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Deconstructing “Race”

October 25th, 2007 by Jason · 3 Comments

Recently a couple of articles, one about DNA pioneer Dr. Watson getting suspended for tying race and intelligence together and another about renewed opposition to school integration, are evidence that “race” as a valid concept is alive and well. So, it seems worth saying what’s been said may times before: race is a myth, an illusion, a social construct with no basis in genetics or biology. That’s not to say that the illusion of race doesn’t still have tremendous power. It does. Humans are still classified as Brown or Black or White or some other “race” and values attached to that designation. Part of the reason racism is alive and well is because the idea that race has a biological basis which affects things like intelligence or athletic ability is still widely prevalent.

Race didn’t arise as a concept until the 18th century when scientists and anthropologists started trying to classify the “varieties of the human race” based on physical attributes. The word “race,” in fact, derives from the Latin “ratio” which was used to designate species. A race was characterized by a common gene pool which was arbitrarily defined by some physical marker such as color of skin or shape of head. For example, The Natural History of Mankind is a book written in 1848 (that Google has put online), sets out to describe the races of the world. While aiming to be primarily descriptive it is laden with value judgments like these:

The Caucasian is characterized by the greatest perfection of external form. He has an oval skull, a high and ample forehead…. (p. 8 )

[T]he shape of the skull bears a more or less close relation to the perfection of the mental endowments…. (p. 105)

It isn’t difficult to see how race, which began as a descriptive term, quickly became an explanatory concept. Differences between abilities, such as intelligence, morality, or athletic ability were accounted for by racial membership. Immoral and disastorous enterprises like European colonization, American slavery, and white supremacy now had an intellectual and moral “justification.”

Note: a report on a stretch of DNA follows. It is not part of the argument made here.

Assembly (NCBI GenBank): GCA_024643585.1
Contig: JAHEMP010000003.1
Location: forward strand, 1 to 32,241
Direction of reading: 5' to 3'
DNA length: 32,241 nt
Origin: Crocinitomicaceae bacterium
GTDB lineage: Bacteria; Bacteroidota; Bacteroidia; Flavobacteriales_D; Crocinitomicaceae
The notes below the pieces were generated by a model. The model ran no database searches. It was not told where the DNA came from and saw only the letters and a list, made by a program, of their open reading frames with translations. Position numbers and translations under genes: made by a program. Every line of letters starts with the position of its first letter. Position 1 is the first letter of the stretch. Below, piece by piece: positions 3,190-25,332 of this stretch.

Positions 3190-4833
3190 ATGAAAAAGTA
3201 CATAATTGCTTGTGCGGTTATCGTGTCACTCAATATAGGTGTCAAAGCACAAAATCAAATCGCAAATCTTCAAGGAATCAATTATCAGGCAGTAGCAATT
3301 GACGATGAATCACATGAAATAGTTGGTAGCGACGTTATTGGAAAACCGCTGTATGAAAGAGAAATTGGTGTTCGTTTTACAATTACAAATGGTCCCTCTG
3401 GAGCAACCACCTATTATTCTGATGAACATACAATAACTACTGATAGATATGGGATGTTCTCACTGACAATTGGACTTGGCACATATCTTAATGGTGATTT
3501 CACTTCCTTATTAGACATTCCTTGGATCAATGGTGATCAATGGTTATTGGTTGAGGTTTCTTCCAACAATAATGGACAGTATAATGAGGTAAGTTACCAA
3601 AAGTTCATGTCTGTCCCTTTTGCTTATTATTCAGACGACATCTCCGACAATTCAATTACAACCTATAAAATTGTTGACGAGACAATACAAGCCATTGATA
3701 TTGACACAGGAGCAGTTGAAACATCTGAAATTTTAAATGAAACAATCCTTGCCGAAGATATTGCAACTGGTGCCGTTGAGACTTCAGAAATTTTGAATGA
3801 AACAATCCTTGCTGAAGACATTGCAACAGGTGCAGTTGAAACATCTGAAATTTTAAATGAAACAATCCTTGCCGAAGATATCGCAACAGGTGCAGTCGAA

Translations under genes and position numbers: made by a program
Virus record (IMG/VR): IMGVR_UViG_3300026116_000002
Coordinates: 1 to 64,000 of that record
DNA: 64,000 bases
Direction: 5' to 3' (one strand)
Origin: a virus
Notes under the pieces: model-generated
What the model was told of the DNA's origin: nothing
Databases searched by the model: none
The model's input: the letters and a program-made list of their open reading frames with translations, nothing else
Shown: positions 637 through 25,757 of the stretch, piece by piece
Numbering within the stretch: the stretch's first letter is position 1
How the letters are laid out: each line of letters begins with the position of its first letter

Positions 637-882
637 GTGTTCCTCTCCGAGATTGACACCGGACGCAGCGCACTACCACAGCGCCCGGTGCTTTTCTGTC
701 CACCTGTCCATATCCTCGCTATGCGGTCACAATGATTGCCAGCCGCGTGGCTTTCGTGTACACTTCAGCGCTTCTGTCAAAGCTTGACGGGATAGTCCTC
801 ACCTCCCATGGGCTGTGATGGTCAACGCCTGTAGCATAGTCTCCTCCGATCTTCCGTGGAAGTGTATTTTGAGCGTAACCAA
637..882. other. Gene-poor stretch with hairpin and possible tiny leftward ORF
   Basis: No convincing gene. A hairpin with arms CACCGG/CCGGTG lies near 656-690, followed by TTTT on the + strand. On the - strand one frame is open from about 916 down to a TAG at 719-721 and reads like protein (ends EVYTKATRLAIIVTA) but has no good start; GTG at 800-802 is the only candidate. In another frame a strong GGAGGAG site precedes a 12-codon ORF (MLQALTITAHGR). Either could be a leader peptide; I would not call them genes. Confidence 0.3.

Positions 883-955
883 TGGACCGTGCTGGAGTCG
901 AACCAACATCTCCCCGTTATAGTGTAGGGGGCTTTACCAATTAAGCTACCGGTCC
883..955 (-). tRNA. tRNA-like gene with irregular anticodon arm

In the last few decades the concept of race has come under scrutiny with the conclusion that it has no basis in biology. Three main reasons have been given (in this book):

  1. Genetic variation within so-called races is as great as that of between racial groups. In fact, humans have some of the lowest genetic variation among all species. Two fruit flies have as much genetic variation as the difference between a human and a chimpanzee.

  2. The only difference between people which can be attributed to biological heredity with any degree of coonfidence is blood type; but people with the same blood type do not coincide with racial groups.

  3. Human characteristics, both physical and social, are not inherited in any simple fashion but are the result of complex interactions of numerous genes, environment, and training.

Just as race proves not to be a useful concept for classifying people, so with the other terms often used to group people. “Culture” is another popular classifying term; attributing the differences among humans to the “soil” of the environment in which they live and grow up. As with race, the variation within so-called cultures is as great as the variation between them. “Ethnicity” is another popular term; one that carries multiple meanings. The more technical meaning is that of a subculture, and thus it functions by grouping people around a common geographical origin, language, religious faith, shared traditions, and “culture.” The earlier and more popular meaning is that of “otherness.” Thus, in 1660 in The Leviathan Thomas Hobbes could exhort Christian converts to continue obeying their “ethnic” rulers. To most, an “ethnic group” is a group besides ones own—it designates the other. A final and more recent term used to classify people is their citizenship in a nation-sate. Not much needs to be said about the artificiality of this concept, despite its widespread usage, since the concept of a nation-state has only existed for a few hundred years.

My attempt to deconstruct the words we use to classify and group people is not done in order to deny that differences exist between human beings. Nor is it to deny that humans form groups and communities which have common characteristics. In other words, I am not advocating a trek back to the Tower of Babel where the perfect world is a monolingual, homogeneous humanity. Rather, it is a reminder that the groupings of humans are as complex and organic as the genes and environments that make up the people in them. The point is that I am wary of the easy classifications which our language enables us to make of other people, whether by race, ethnicity, culture, or national citizenship because these classifications have been and still do function as ways of legitimating hierarchies of power and prejudice.

Tags: race & ethnicity · science

3 responses so far ↓

  • 1 isaac // Oct 26, 2007 at 3:59 am

    Good genealogical work.

    One of my professors always made the point that race in this country is refracted through the slave block. It’s on the colonial town slave block that race is displayed and created. When the Africans (and whoever else) got off the ships, they were individually pushed atop a block in the middle of town so people could see them and purchase them. That’s how America was taught to see race.

    He also links the creation of cosmetics to this display of race. Cosmetics were made to make skin lighter. No one wanted to look like one of those people just off the ships now on display in the middle of their town. The whiter the better, so the cosmetic story goes.

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